Religious Groups Weigh Support for Boy Scouts after Vote to End Ban on Gay Leaders

Adelle M. Banks | Religion News Service | Wednesday, July 15, 2015
Religious Groups Weigh Support for Boy Scouts after Vote to End Ban on Gay Leaders

Religious Groups Weigh Support for Boy Scouts after Vote to End Ban on Gay Leaders


Are the days of religious groups’ involvement in the Boy Scouts numbered or will a pending vote on gay leadership give those who oppose it a workaround?

 

Faith groups, some of which are key sponsors of Scouting troops, continue to mull next steps after the executive committee of the Boy Scouts of America unanimously adopted a resolution Friday (July 10) allowing its chartered organizations to choose adult gay leaders.

 

But the BSA also said the change in policy would permit religiously chartered organizations to continue not doing so.

 

Some faith leaders said their continued support for the BSA would hinge on that caveat.

 

“As a chartering organization, the Church of Jesus Christ of Latter-day Saints has always had the right to select Scout leaders who adhere to moral and religious principles that are consistent with our doctrines and beliefs,” Mormon church officials stated. “Any resolution adopted by the Boy Scouts of America regarding leadership in Scouting must continue to affirm that right.”

 

Four members of the church’s leadership, including President Thomas S. Monson, are on the national executive board that is scheduled to vote July 27 via conference call on whether to ratify the executive committee resolution.

 

The LDS church has the largest Scouting youth membership of all the BSA religiously affiliated groups– 37,933 units and 437,160 youths as of 2013. All young Mormon men in the U.S. are enrolled in Scouting as part of their youth activity program, said Eric Hawkins, church spokesman.

 

Southern Baptist Convention ethicist Russell Moore said he’s not so sure how free faith groups will be to make leadership decisions after the upcoming vote.

 

“I don’t believe the Boy Scouts when they say that religious groups will have freedom to choose their own leaders,” he said. “The Boy Scouts have pursued an ongoing evolution, if evolutions can happen at breakneck speed, toward the moral priorities of the sexual revolution. At every point, the Scout leadership tells us that they will go this far and no farther.”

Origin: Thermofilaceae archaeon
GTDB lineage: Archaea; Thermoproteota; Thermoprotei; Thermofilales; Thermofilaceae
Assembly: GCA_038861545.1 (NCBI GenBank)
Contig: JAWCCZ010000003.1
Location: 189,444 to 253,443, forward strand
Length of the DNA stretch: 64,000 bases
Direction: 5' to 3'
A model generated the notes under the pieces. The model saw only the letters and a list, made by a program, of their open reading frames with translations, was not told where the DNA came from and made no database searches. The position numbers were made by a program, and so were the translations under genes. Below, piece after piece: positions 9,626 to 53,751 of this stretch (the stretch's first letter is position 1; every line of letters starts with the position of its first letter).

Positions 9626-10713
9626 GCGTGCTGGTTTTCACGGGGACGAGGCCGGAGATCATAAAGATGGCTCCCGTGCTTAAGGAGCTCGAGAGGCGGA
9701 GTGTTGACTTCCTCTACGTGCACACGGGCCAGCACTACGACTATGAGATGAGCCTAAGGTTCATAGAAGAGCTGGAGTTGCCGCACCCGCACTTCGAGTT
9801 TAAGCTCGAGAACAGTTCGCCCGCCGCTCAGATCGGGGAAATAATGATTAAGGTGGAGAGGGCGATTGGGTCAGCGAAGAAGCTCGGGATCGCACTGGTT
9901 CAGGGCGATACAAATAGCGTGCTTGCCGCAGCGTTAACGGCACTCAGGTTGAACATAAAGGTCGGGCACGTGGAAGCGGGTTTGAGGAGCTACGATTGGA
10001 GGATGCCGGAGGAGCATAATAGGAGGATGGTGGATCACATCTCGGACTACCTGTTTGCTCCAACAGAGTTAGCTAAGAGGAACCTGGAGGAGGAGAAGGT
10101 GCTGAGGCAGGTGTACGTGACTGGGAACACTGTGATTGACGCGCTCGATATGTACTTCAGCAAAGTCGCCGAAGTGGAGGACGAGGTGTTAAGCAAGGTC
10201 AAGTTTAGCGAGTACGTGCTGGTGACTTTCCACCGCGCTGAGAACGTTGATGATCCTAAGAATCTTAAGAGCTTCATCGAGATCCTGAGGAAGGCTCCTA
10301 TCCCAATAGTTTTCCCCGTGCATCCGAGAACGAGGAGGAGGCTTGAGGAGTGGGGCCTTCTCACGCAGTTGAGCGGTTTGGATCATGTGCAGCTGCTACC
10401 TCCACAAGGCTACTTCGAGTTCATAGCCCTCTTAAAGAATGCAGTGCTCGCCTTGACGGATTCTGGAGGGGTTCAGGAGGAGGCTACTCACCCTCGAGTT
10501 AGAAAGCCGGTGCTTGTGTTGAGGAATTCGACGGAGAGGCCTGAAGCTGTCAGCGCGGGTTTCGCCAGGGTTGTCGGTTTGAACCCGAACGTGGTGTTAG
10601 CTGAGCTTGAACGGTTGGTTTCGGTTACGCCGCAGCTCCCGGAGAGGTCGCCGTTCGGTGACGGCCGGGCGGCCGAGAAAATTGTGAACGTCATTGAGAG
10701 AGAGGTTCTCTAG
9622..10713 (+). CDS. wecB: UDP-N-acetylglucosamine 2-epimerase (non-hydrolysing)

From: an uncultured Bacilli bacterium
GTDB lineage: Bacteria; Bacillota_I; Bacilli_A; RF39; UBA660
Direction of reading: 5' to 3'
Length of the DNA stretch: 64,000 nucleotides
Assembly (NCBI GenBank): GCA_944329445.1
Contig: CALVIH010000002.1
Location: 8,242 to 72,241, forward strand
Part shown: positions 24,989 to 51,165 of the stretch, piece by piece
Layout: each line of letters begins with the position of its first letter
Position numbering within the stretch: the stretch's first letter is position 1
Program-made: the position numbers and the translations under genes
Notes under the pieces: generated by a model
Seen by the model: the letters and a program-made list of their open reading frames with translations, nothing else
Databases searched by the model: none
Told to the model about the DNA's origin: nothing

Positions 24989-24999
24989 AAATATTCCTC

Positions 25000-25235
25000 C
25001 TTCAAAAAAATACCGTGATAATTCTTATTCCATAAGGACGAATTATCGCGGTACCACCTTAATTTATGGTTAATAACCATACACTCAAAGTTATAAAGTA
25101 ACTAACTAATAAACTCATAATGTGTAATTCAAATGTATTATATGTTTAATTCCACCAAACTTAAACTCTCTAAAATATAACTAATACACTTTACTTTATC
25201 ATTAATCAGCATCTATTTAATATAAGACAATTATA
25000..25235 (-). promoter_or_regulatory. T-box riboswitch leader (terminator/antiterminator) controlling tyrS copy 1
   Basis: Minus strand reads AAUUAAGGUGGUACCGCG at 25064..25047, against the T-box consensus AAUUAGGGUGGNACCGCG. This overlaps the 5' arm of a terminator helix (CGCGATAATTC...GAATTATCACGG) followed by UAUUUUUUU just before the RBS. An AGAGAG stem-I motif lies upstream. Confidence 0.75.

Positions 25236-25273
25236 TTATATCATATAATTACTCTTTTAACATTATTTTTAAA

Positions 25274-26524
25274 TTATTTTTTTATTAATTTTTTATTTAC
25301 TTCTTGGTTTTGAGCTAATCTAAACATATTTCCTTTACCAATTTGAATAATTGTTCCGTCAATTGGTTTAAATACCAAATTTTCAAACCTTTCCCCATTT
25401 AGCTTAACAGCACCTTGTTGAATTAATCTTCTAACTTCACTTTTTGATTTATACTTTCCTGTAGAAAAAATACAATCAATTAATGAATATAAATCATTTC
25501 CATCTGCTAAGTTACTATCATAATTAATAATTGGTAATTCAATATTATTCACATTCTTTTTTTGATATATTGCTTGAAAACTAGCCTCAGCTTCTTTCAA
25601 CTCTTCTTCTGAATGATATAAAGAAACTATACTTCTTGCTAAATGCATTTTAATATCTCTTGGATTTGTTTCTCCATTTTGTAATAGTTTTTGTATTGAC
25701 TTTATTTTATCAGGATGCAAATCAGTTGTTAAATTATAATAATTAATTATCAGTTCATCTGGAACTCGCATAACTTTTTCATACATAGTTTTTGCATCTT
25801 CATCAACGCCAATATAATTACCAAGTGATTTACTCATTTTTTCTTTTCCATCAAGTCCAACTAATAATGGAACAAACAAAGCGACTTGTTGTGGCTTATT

He predicted a continuing falling away of autonomous Southern Baptist congregations from Scouting if the BSA executive committee resolution is ratified.

 

The BSA voted in 2013 to permit gay Scouts but said it would not permit gay Scout leaders.

 

“I have seen a definite cooling on the part of Baptist churches to the Scouts,” Moore said. “This will probably bring that cooling to freezing.”

 

Other religious groups liked the idea of dropping the ban on adult gay leaders.

 

The Rev. Mike Schuenemeyer, the United Church of Christ’s liaison with the BSA, urged passage of the resolution by the full board, saying, “It is long past due.”

 

And some gay rights organizations said the resolution left religious groups room to discriminate.

 

“(W)riting in an exemption for troops organized by religious organizations undermines the potentially historic nature” of the executive committee vote, said Chad Griffin, president of the Human Rights Campaign. “As we have said countless times, half-measures are unacceptable and discriminatory exemptions have no place in the Boy Scouts.”

 

R. Chip Turner, national chairman of the BSA Religious Relationships Committee, continues to hope that more faith-based groups will stay with the BSA after the July 27 vote.

 

“There will be some folks, I’m sure, who feel like that’s the end for them,” he said. “I certainly hope it’s not the end for Scouting and I don’t believe it will be.”

 

 

Courtesy: Religion News Service

 

Photo: Boy Scout Casey Chambers carries a rainbow flag during the San Francisco Gay Pride Festival in California on June 29, 2014. 

 

Photo courtesy: Reuters/Noah Berger

 

Publication date: July 15, 2015

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